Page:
In the story of Ruth and Naomi, we observe how love and compassion draw people together across the lines of difference. First, Ruth’s family, Moabites, welcome refugees from Bethlehem in Judah. Ruth and her sister, Orpah, marry Naomi’s two sons. When the sons die and Ruth and Orpah are childless and widowed, Ruth chooses to remain as family to Naomi, also a widow. Ruth shows us the beauty, power and possibility of forming family, choosing love and compassion over bloodlines, reminding us we are first and foremost members of the family of God.

And when Ruth and Naomi return to Bethlehem destitute, Ruth’s love and compassion become an example, inspiring Boaz, a landowner and distant relative of Naomi’s, to also extend love and compassion. In the end, Ruth and Boaz marry and bear a child. Naomi, Ruth and Boaz redeem one another, forming family and belonging, overcoming poverty, loneliness and xenophobia. And their acts of love and compassion redeem all of Israel, even us, as the child, Obed will be the grandfather of King David, part of a legacy of holiness. 

Brené Brown’s work on belonging points us to the spiritual power and healing made possible by community. Brown, as a social scientist, offers practical suggestions for pursuing belonging in a lonely and divided world. In particular, she speaks to the power of collective experiences, from experiencing live music, theater or dance with an audience, to seeking moments of collective joy and collective pain, to holding hands with strangers. No surprise here, church offers multiple opportunities to experience belonging. All in one place. No wonder we all recognize community as the most important gift offered by church.

When we feel torn up by political and ideological divisiveness, church is the perfect place to experience unity in diversity. As Brown says, “People are hard to hate close up. Move in.” She recommends real conversations and real encounters, as opposed to the insular, echo chamber of social media. By leaving our screens behind and coming to church, we find ourselves holding hands with, and laughing and crying alongside, people with whom we may profoundly disagree. We discover a deeper humanity and find our place in the family of God.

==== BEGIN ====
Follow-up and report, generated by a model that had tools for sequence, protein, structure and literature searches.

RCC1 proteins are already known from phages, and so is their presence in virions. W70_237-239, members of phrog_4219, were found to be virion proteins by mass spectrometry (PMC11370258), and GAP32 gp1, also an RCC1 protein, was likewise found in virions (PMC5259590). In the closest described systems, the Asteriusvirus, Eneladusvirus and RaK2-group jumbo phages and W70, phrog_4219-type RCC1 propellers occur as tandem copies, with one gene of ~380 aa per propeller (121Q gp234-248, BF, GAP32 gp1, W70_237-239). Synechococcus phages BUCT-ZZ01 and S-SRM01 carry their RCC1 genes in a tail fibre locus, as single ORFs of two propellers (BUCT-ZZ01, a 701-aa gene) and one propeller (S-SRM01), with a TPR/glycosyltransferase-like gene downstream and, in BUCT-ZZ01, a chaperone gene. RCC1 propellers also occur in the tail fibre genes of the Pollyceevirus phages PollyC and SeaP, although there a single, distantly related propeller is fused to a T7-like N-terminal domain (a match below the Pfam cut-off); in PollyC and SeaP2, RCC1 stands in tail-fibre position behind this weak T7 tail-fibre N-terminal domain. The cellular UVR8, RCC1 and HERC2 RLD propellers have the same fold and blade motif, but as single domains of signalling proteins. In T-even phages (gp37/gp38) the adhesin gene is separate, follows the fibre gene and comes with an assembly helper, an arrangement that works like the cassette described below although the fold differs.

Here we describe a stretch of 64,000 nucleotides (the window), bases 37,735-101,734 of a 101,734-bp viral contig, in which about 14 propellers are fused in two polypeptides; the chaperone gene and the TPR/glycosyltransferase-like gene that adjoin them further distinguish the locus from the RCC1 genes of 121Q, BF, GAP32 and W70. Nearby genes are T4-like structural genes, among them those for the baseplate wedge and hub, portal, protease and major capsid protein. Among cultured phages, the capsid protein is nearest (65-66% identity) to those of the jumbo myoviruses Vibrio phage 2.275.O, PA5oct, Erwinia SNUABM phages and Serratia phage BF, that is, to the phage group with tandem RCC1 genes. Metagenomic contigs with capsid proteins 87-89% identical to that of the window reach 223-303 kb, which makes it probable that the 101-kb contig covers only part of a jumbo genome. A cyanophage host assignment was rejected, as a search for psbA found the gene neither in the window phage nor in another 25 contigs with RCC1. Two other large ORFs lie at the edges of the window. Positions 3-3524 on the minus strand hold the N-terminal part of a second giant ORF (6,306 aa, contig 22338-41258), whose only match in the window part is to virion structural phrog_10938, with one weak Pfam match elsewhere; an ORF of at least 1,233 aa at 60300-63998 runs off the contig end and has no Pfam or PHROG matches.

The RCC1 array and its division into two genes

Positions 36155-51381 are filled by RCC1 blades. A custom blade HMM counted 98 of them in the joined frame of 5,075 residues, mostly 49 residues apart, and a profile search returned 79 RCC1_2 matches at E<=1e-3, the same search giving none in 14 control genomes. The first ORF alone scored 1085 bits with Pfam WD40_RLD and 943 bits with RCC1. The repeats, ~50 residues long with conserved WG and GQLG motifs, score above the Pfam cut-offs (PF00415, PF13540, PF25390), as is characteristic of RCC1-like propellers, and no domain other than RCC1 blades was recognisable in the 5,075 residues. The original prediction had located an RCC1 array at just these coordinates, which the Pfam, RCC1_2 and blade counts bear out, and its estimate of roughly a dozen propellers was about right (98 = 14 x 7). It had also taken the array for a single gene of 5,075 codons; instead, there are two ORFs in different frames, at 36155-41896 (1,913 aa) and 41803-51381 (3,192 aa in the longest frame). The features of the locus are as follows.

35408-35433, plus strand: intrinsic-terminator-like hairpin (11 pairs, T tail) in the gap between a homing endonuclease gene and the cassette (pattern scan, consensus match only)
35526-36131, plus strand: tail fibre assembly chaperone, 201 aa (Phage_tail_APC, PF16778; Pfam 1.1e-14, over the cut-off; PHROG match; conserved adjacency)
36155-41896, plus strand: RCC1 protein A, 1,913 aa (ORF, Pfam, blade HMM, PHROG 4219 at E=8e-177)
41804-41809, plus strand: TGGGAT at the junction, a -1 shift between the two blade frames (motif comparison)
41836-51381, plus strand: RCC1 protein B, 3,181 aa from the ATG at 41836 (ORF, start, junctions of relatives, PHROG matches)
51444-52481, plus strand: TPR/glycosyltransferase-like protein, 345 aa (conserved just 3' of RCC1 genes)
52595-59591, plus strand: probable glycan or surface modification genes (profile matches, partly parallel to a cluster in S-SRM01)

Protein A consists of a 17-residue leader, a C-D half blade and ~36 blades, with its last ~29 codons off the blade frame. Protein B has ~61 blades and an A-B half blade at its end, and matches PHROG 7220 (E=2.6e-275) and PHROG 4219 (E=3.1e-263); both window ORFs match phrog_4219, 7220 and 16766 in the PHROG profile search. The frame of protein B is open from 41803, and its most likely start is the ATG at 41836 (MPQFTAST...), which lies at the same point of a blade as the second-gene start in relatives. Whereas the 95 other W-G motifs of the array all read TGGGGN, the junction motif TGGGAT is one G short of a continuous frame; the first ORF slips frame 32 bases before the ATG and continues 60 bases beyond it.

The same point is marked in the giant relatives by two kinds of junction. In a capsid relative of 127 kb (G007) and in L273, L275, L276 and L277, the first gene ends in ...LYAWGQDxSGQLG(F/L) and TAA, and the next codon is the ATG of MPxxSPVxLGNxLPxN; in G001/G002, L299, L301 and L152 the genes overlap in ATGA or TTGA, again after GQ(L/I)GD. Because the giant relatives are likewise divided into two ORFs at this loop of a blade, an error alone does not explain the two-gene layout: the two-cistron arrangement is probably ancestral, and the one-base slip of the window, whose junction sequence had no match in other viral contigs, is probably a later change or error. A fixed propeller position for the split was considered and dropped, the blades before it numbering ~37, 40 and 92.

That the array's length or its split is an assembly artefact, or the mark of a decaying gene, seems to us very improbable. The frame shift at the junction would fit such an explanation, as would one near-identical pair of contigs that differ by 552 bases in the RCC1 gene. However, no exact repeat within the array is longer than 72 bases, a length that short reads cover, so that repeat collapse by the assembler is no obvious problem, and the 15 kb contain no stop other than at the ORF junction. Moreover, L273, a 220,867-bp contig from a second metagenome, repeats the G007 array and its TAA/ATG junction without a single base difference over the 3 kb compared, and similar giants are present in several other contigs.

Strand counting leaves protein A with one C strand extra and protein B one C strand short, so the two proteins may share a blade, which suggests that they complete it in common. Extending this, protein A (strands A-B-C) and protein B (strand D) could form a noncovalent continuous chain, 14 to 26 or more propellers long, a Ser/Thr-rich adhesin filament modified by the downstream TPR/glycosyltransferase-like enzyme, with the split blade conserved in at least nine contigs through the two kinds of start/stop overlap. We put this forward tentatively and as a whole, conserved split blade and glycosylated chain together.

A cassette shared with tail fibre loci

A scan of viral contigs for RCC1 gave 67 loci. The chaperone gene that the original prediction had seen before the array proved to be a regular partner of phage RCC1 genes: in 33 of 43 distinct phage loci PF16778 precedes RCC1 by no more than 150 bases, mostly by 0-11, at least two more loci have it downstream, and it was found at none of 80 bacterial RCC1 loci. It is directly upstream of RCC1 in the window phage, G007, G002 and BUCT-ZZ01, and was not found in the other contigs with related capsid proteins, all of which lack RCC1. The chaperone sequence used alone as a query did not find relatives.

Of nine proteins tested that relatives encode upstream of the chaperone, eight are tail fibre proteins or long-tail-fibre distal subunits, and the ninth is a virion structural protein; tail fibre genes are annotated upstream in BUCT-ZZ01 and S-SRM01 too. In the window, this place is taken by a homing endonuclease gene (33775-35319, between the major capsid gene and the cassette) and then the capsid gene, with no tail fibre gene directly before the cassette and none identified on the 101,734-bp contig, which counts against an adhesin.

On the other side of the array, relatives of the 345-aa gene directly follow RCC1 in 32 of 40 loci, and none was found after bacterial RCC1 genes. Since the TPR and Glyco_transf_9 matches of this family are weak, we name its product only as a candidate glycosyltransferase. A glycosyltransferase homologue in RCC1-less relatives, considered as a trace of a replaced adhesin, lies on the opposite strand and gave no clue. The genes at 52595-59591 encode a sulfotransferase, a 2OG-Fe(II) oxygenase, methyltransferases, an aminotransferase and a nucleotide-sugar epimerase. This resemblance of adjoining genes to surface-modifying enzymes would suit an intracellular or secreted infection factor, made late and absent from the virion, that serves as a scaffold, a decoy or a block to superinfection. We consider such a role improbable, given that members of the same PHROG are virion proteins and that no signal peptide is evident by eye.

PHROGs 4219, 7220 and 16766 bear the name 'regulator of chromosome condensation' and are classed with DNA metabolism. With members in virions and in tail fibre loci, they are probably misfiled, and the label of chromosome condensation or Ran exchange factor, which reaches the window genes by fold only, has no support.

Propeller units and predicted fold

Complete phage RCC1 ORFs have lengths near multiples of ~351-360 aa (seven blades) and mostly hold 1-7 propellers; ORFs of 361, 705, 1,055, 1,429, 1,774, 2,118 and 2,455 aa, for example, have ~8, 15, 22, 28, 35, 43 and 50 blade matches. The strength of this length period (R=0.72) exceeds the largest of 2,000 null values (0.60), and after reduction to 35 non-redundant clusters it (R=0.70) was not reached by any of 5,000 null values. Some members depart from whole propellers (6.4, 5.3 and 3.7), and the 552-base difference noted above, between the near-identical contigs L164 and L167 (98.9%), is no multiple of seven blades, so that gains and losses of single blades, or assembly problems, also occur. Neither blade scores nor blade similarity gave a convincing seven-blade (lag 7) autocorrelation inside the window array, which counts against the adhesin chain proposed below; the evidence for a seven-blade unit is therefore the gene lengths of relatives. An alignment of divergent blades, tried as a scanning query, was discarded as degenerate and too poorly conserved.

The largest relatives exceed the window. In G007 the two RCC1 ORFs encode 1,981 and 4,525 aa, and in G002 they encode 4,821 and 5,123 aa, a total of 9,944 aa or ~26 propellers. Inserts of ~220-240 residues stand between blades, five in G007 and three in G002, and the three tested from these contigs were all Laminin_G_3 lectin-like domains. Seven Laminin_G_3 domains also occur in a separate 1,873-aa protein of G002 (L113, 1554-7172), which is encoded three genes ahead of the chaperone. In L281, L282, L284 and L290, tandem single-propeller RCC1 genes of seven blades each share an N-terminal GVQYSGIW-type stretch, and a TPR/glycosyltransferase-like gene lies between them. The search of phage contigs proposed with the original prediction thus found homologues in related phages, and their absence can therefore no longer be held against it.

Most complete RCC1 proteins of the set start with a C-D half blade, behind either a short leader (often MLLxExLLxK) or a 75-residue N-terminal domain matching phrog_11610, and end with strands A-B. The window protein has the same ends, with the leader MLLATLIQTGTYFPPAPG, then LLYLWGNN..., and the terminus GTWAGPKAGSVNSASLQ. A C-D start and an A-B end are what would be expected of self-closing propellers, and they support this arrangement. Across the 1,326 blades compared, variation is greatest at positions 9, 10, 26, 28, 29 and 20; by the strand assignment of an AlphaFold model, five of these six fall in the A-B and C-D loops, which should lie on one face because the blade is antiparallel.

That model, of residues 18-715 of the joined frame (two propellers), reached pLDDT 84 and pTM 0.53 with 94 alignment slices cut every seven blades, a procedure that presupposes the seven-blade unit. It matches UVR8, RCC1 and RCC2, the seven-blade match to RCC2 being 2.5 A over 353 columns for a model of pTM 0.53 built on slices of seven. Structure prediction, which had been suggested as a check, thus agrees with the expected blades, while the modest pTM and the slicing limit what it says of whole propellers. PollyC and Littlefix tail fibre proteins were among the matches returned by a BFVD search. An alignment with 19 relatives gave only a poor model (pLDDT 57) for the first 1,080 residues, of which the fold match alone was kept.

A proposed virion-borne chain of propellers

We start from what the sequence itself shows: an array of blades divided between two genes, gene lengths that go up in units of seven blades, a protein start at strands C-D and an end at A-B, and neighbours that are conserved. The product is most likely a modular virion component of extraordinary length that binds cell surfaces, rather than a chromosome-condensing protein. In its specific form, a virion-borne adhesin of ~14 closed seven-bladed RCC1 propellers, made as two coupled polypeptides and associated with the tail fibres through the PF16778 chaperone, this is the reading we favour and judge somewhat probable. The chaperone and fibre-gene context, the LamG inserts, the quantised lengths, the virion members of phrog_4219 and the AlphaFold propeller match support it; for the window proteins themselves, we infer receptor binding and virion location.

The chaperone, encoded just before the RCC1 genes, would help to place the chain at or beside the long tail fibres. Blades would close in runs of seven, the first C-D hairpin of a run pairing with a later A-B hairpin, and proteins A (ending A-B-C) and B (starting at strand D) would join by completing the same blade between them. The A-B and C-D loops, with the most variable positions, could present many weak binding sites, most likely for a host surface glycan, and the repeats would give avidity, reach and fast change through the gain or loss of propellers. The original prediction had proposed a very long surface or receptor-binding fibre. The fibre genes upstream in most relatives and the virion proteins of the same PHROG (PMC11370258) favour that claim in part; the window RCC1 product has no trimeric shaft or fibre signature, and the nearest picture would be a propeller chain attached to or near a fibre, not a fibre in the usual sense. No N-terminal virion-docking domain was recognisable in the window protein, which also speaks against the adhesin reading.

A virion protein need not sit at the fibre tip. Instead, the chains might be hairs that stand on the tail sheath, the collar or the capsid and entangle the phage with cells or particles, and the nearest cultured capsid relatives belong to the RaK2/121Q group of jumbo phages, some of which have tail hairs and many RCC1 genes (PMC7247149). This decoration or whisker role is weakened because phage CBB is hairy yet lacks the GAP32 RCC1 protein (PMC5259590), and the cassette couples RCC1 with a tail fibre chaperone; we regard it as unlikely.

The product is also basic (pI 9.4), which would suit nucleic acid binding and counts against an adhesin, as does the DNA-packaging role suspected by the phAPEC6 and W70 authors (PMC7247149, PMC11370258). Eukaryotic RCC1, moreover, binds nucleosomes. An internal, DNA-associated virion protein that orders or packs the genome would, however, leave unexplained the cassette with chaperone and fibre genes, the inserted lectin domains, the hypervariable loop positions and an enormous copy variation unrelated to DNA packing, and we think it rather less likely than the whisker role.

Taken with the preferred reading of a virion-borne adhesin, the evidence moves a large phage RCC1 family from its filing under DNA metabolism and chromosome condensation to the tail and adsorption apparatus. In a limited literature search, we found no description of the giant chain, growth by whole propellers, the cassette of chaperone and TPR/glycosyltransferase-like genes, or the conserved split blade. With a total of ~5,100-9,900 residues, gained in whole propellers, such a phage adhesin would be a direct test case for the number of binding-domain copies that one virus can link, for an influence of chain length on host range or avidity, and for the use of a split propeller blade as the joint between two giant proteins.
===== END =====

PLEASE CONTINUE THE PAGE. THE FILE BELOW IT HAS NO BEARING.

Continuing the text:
And so, as we ready our church for the coming year, I invite you to remember the most precious gift that church offers you – community and belonging – and I invite you to extend that gift to others. We offer belonging by truly showing up, by sharing our whole selves with the church, especially our authentic, imperfect selves. May we offer a safe space for this most sacred gift, holding one another with love and compassion, kindness and respect. And, in doing so, may we find ourselves dwelling in the presence of God, breaking open a presence and holiness that is always present yet often masked by fear and defensiveness. May you find a powerful and quiet strength in remembering that you first belong to God, a belonging from which we all come and to which we all return. Amen.

[1] Brené Brown, Braving the Wilderness: The Quest for True Belonging and the Courage to Stand Along. New York, NY: Random House, p. 55.